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on July 20, 2014
We are generally more familiar with Gandhi's efforts to free India from British rule in the early 1900's. This book covers his early life and, mostly, his time in South Africa. I was not familiar at all with the 20 years he spent in South Africa. He organized efforts to assist Indians and other Asians living there to be accepted and respected as fellow humans with rights. The book is well-documented and, to be honest, a bit long, portraying this portion of Gandhi's life (roughly 1893-1913). It shows the development of passive resistance and the growth of Gandhi from lawyer to civil servant. Without his experience in South Africa, he would not have been as likely to be successful in India. The book discusses his strong religious beliefs, vegetarian beliefs, folk medicine, along with his political and social efforts.
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on May 31, 2014
Gandhi came of age in South Africa as a lawyer defending Indians there and confronted the racism, codified in their laws. His tactics developed by trial and error where he learned not to resist evil, turned into a powerful weapon, in his hands. Tolstoy was a major influence in his development and they did correspond. This bio fleshes out his many friends that helped and worshiped him. By the Time he left South Africa and returned to India he was already a demigod and he played that role well. This story ends with his leaving South Africa, but it is clear that there will be hell to pay from England's point of view. I can't wait to read the sequel and how they will lose India, as well they should have. I learned so much from this book and you will too.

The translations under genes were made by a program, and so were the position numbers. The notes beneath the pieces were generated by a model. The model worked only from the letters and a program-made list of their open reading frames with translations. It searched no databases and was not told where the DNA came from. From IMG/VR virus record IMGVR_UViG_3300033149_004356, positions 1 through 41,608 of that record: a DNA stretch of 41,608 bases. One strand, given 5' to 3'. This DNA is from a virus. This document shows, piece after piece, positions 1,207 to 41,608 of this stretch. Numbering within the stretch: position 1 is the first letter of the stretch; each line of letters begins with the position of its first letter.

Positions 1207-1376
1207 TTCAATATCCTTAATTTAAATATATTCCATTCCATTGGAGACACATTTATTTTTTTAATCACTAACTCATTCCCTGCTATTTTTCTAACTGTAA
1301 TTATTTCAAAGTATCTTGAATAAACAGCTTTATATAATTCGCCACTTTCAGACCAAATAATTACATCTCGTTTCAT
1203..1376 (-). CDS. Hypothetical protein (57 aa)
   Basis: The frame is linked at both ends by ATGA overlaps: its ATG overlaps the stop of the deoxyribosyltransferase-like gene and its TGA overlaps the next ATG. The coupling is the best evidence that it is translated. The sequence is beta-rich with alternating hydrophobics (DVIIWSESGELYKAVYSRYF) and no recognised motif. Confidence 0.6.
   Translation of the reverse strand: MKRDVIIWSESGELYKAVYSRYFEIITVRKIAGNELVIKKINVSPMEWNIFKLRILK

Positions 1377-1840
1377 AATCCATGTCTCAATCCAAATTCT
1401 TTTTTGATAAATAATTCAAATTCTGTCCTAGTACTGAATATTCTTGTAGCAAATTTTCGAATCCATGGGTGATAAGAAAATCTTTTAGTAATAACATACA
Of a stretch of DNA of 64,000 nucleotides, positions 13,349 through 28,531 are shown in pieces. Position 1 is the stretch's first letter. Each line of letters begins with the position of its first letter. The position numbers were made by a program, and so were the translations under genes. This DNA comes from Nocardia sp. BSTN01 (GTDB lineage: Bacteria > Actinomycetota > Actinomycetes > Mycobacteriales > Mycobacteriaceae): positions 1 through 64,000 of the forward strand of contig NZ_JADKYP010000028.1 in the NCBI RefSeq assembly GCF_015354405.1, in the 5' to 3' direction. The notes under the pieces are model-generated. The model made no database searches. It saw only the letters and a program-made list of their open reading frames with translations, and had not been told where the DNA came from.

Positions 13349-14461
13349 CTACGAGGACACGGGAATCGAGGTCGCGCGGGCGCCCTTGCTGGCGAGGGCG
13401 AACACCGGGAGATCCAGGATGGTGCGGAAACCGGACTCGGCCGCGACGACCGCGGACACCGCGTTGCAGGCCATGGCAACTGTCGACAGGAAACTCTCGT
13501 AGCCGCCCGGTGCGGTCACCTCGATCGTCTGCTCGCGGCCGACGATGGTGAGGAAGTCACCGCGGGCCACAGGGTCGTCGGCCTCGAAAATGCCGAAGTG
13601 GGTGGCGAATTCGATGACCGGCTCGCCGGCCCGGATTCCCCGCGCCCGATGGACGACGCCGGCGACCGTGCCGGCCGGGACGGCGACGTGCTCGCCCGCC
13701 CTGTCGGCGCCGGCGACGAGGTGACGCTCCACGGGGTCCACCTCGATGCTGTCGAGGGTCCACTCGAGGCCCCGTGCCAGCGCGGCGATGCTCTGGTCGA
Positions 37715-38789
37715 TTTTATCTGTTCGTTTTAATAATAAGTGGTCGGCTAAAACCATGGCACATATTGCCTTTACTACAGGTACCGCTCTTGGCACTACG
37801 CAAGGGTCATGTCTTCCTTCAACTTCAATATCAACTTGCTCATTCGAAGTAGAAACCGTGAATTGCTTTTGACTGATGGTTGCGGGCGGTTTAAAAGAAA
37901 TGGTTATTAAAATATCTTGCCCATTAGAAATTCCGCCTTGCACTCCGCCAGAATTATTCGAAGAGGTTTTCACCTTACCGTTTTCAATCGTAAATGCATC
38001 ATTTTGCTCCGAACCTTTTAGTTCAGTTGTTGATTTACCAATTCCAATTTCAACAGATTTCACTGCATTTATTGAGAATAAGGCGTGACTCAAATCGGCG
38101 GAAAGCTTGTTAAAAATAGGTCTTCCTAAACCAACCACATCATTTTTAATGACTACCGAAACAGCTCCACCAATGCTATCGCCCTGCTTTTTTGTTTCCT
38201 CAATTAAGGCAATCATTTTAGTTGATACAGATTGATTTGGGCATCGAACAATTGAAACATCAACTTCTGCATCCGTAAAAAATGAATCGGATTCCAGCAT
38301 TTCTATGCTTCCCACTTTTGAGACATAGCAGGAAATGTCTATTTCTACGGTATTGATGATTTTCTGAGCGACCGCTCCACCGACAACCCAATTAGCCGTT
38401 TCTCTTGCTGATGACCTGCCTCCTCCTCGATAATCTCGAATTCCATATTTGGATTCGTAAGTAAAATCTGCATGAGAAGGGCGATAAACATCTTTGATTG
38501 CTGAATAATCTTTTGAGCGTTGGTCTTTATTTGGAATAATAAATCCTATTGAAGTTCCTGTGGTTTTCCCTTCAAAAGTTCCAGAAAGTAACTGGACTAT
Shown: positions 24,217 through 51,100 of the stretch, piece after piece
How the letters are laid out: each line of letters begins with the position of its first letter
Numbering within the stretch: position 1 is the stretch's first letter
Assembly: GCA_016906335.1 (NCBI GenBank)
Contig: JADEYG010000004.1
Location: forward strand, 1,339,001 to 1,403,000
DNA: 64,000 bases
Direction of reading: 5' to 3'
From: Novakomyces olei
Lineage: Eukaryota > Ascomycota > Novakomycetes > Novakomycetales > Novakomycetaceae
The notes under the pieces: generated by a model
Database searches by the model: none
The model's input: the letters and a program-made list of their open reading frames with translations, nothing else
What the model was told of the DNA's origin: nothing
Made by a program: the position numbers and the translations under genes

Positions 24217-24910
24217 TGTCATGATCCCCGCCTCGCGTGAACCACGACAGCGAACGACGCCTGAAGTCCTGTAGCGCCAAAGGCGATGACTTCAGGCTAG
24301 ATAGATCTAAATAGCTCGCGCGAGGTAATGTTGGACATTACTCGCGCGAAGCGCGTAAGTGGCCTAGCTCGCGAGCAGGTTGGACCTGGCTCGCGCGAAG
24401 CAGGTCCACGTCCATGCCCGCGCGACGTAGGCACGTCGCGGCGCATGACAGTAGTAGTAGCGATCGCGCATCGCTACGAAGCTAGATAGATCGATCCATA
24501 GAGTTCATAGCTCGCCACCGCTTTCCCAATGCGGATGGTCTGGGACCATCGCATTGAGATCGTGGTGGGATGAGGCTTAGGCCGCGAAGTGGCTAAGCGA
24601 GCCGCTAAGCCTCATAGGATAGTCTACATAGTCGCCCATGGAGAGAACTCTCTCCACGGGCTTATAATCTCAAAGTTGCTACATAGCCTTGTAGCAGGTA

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on December 5, 2014
Given what has happened during the last few weeks in Ferguson, Missouri and Long Island, New York plus the refusal of The U.S. House of Representatives to even consider Immigration Reform Legislation proposed by our President two years ago, and the measures states like Texas have used to deprive minorities of their vote through the use of redistricting, mandatory voter ID cards, and limiting the hours when people may vote, this book is extremely timely.